Residency Requirements for a California Divorce
I was married in a different state, can I get a divorce in California?
If you have been a resident in California for six months, and resided for three months in the county in which you file the divorce, you can file for divorce. If your spouse is not a resident of California, you may still file for divorce as long as you meet these requirements. If you and your spouse have lived in separate counties in the state for three months, you may file in either county. It is often a strategic decision as to which county to file in where spouses live in different counties prior to the filing of a divorce petition. A petition for a legal separation can be drafted and then filed while waiting to meet the California state residency requirements. Once met, you can file an amended petition for dissolution of marriage and proceed toward divorce. Filing a petition for legal separation can allow you to pursue issues such as child custody and visitation, child support, spousal support, property issues, and responsibilities for debts while you wait for the residency requirements to be met to file.
In the case of domestic partnerships that have been registered in California, you do not have to meet any residency requirements. You may file if you have never lived in California because by registering in this state, you agree to the jurisdiction of California. If you did not register the domestic partnership, you will need to meet the standard residency requirements. In either case, you will need the assistance of a local Westlake Village family law attorney who knows how to best represent you when dissolving a domestic partnership, whether you are resident here or not. Issues concerning out-of-state property, any children and all issues related to support always require special attention and a high level of understanding of California law and divorce.
Same-Sex Marriage Divorce Residency Requirement
Same-sex marriages filed in California must meet the California residency requirement. If you were married in California and now live in a state that will not dissolve a same sex marriage, you may be able to file for divorce in the county in which you were married. Our firm, Richard Ross Associates, can provide you with the services of a certified family law attorney Contact us so that we can help you with all of the issues related to divorce, including property division, child support, and spousal support, as well as child custody. Our experience and knowledge of California law can make the process far less stressful and allow for a timelier resolution in all divorce-related issues.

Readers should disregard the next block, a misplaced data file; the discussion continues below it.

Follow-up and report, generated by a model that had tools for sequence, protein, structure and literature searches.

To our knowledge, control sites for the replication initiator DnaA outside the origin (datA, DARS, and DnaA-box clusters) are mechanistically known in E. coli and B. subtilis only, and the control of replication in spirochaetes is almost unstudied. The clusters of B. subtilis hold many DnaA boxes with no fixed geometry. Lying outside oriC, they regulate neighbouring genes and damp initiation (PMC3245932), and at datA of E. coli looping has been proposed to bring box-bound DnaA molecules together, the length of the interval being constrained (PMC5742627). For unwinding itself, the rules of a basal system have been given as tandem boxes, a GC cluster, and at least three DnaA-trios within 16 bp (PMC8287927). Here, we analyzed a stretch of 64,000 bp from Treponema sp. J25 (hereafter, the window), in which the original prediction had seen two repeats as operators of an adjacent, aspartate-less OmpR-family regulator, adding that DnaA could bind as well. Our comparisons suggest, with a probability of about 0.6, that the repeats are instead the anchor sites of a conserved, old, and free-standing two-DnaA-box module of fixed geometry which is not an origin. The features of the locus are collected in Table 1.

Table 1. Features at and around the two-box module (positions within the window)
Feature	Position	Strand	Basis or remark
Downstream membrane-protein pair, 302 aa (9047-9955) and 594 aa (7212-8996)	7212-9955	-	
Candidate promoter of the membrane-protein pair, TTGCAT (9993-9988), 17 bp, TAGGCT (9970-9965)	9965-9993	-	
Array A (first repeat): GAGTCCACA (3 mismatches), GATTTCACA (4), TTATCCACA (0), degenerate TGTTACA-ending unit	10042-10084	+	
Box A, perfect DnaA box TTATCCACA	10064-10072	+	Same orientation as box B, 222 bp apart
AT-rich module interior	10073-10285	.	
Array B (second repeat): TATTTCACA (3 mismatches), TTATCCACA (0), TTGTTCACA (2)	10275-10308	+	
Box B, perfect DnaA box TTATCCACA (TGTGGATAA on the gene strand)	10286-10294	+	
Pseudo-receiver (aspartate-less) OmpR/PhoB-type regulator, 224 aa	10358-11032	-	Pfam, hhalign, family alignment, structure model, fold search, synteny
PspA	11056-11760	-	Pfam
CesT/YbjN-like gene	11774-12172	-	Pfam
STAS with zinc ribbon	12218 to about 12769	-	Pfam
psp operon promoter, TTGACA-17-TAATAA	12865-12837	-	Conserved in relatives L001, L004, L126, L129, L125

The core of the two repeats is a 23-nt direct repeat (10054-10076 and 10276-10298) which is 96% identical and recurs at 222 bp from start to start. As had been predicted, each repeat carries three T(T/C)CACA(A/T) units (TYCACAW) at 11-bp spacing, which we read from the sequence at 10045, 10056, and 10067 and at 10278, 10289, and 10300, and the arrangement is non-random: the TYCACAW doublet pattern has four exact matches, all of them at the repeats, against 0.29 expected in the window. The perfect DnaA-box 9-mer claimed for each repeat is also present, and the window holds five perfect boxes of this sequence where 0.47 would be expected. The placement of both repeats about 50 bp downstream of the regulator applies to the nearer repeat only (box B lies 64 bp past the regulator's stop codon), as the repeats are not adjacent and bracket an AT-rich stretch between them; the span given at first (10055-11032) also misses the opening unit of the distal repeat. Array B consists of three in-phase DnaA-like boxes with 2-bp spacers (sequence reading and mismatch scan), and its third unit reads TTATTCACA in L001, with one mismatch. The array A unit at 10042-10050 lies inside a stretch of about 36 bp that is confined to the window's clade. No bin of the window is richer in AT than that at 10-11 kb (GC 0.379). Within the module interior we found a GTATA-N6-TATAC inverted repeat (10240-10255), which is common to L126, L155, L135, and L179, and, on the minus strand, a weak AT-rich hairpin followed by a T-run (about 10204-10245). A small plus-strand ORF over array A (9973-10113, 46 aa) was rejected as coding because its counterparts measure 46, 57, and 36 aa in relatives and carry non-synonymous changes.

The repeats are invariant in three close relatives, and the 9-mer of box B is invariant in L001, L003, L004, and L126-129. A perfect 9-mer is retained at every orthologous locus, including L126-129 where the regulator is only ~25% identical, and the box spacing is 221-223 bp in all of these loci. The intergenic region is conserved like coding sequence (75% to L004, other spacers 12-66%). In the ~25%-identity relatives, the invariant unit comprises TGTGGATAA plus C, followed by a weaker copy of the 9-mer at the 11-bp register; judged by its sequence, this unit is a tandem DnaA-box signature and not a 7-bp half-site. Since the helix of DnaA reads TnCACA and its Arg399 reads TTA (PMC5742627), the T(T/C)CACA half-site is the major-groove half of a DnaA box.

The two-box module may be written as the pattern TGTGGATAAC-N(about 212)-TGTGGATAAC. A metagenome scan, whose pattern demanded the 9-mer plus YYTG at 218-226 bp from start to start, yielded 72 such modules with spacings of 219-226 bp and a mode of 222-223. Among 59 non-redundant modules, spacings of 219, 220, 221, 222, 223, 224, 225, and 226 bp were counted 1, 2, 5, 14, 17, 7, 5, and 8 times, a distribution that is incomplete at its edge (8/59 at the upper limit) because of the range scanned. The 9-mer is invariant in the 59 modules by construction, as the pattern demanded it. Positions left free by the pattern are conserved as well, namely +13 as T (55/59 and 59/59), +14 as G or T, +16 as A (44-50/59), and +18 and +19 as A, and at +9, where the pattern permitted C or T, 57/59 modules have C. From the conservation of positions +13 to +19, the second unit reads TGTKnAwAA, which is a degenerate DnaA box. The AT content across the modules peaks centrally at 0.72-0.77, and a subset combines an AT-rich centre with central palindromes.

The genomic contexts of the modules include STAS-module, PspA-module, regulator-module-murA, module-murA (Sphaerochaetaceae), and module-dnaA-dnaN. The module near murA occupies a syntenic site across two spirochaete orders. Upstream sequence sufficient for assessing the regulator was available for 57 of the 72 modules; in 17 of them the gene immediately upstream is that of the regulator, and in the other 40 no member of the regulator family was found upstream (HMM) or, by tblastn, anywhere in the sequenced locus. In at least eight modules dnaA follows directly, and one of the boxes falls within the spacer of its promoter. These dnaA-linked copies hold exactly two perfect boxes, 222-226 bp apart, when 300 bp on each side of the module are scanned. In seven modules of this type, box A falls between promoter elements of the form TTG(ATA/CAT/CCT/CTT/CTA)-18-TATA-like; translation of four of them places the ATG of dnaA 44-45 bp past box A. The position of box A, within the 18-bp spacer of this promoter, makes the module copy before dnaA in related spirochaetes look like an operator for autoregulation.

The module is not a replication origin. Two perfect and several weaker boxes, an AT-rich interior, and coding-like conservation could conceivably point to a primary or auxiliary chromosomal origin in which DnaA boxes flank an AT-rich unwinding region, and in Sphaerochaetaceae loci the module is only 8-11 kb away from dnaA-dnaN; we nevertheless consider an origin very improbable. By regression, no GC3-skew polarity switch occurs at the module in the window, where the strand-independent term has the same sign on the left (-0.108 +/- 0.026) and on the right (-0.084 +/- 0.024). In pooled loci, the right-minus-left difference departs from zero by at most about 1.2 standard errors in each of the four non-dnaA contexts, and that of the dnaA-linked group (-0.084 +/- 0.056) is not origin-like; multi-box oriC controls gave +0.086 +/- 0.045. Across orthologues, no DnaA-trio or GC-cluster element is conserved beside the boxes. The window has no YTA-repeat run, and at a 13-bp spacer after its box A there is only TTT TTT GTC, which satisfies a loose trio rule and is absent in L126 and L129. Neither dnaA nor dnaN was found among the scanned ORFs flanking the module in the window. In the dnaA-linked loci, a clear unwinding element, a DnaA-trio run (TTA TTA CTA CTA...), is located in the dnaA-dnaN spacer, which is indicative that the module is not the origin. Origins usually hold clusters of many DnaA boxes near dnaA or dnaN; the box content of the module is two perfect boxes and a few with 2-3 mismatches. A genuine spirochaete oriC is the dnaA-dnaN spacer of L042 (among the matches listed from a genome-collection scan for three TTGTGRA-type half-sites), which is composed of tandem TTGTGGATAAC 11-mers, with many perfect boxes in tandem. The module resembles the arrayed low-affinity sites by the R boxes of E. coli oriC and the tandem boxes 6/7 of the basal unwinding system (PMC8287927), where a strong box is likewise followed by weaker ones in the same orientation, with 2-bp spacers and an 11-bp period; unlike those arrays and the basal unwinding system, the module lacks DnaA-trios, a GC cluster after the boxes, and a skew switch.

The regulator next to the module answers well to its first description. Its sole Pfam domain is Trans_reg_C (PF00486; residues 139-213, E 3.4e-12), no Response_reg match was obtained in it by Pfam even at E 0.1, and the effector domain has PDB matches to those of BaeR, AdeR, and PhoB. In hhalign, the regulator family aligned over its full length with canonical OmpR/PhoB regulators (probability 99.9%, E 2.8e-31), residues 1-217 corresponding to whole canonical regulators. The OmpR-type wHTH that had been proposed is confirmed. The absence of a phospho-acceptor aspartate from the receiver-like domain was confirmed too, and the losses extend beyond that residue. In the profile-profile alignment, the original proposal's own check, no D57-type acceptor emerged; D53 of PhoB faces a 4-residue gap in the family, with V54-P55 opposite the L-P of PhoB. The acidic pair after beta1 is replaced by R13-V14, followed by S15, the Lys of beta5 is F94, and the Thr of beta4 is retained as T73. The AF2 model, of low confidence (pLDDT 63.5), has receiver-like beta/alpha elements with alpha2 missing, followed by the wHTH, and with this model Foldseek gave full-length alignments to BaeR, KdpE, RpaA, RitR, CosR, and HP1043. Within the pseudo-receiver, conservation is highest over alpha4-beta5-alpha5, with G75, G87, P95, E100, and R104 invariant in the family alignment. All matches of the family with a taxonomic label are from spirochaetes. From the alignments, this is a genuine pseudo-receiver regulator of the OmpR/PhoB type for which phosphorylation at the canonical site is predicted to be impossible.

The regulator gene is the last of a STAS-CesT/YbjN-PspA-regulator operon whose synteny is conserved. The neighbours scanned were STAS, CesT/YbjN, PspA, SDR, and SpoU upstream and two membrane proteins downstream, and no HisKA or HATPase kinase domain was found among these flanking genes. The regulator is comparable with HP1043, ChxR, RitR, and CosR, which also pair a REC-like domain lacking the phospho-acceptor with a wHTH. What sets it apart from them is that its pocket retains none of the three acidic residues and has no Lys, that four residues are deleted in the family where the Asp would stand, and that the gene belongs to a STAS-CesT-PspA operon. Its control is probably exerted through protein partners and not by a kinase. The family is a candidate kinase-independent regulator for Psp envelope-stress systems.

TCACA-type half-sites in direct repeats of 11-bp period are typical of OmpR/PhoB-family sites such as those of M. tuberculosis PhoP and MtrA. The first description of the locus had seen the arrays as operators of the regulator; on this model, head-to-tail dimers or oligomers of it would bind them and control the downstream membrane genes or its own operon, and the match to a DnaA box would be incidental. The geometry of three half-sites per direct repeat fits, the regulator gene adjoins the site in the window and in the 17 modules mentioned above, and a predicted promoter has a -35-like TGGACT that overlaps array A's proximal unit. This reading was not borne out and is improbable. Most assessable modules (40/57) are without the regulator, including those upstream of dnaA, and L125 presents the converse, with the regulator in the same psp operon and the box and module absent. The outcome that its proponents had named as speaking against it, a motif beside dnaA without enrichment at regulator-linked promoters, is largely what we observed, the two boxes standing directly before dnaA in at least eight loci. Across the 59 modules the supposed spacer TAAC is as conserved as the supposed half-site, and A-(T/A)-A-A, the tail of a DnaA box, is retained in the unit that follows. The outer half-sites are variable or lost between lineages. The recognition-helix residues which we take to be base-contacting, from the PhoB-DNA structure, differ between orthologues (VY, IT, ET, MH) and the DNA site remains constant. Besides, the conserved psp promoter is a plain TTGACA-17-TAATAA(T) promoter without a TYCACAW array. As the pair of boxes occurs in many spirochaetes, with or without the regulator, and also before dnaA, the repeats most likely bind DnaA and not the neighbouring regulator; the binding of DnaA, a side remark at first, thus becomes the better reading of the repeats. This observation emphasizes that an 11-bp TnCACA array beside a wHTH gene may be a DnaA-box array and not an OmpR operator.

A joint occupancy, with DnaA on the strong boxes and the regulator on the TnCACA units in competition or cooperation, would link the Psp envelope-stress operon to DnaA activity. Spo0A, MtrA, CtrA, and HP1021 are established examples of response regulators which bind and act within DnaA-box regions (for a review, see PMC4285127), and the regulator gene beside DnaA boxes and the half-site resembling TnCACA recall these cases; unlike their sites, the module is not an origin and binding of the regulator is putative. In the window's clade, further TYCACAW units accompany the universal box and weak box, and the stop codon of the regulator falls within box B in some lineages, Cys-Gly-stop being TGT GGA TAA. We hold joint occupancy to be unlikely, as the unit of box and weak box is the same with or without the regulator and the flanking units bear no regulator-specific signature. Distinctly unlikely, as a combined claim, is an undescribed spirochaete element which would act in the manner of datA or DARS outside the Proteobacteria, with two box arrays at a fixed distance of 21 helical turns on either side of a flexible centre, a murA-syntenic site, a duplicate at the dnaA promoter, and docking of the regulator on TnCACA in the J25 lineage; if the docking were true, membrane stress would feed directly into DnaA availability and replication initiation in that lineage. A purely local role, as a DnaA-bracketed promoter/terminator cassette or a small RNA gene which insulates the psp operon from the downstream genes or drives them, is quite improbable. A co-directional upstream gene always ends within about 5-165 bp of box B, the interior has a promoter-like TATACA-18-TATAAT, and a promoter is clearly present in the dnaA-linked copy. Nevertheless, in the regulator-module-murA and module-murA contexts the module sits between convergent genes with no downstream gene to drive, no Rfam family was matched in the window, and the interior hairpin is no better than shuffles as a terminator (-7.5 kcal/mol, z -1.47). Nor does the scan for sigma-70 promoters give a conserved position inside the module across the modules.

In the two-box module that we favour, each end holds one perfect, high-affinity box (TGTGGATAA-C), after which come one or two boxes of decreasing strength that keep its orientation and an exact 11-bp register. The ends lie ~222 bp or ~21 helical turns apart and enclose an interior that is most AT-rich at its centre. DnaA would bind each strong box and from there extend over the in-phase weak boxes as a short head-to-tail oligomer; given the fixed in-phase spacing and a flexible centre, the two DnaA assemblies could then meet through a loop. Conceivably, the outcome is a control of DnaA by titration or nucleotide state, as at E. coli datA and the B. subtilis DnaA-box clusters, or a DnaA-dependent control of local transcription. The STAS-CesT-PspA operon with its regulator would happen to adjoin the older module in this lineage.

Contact us now for information about filing for divorce.
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This is very important: If you have separated from your spouse before one of you has filed for dissolution of marriage or legal separation, avoid agreeing to and placing into effect a temporary parenting plan arrangement regarding the children unless you will be able to live with this arrangement after the divorce papers have been filed. Once you begin a parenting plan that seems to be working, it becomes the "status quo." It is very difficult to convince a mediator or judge to change the status quo, especially if it is working or appears to be working and is not detrimental to the minor children.
If you have not received a judgment dissolving your marriage before the end of the year, you may file an individual tax return under the status of "married, filing separately" or a joint tax return with your spouse. You should consult your accountant as to the advantages of these options. You may obtain special information booklets regarding tax information for divorce or separated individuals from your local IRS office or read the IRS booklet online.
To file an action for divorce, also known as dissolution of marriage, a person must have resided in the state of California for six months and in the county where the action is filed for three months prior to filing the petition in court. This is true of either the petitioner or the respondent - either person can meet the test and allow a filing. If your spouse meets the residency requirement, you can file even if you do not meet it yourself.
The court can and usually will order you to move out of your residence if your spouse convinces the court that you have been violent toward your spouse or threatened your spouse. You could be given ex-parte notice to be in court the next day because your spouse is seeking an order to make you move out and stay out. You can be ordered to leave immediately and not return even if your spouse is not on the property title or lease agreement! Once you are ordered to leave, it is not likely that you will be allowed to return.
Before you get a divorce, photocopy all relevant financial documents that you can obtain and store them off-site with a trusted friend or relative. Do not store them in the trunk of your car where they can easily be found and removed by your spouse. There may be both personal and strategic reasons not to tip off your spouse that documents are being reviewed for a possible dissolution proceeding. Make copies of documents that you find in the residence and return the original documents to their original location as soon as possible so that your spouse won't notice that they are missing. It is often advisable to make the photocopies when you are sure your spouse is away for an extended time, such as during a workday. It is advisable to gather as many relevant financial documents as possible while they are still available and before they have been removed or destroyed by your spouse. This will significantly reduce the cost of divorce litigation if the documents do not have to be recovered later. It will also permit us to get a true picture of all community assets and debts as soon as possible.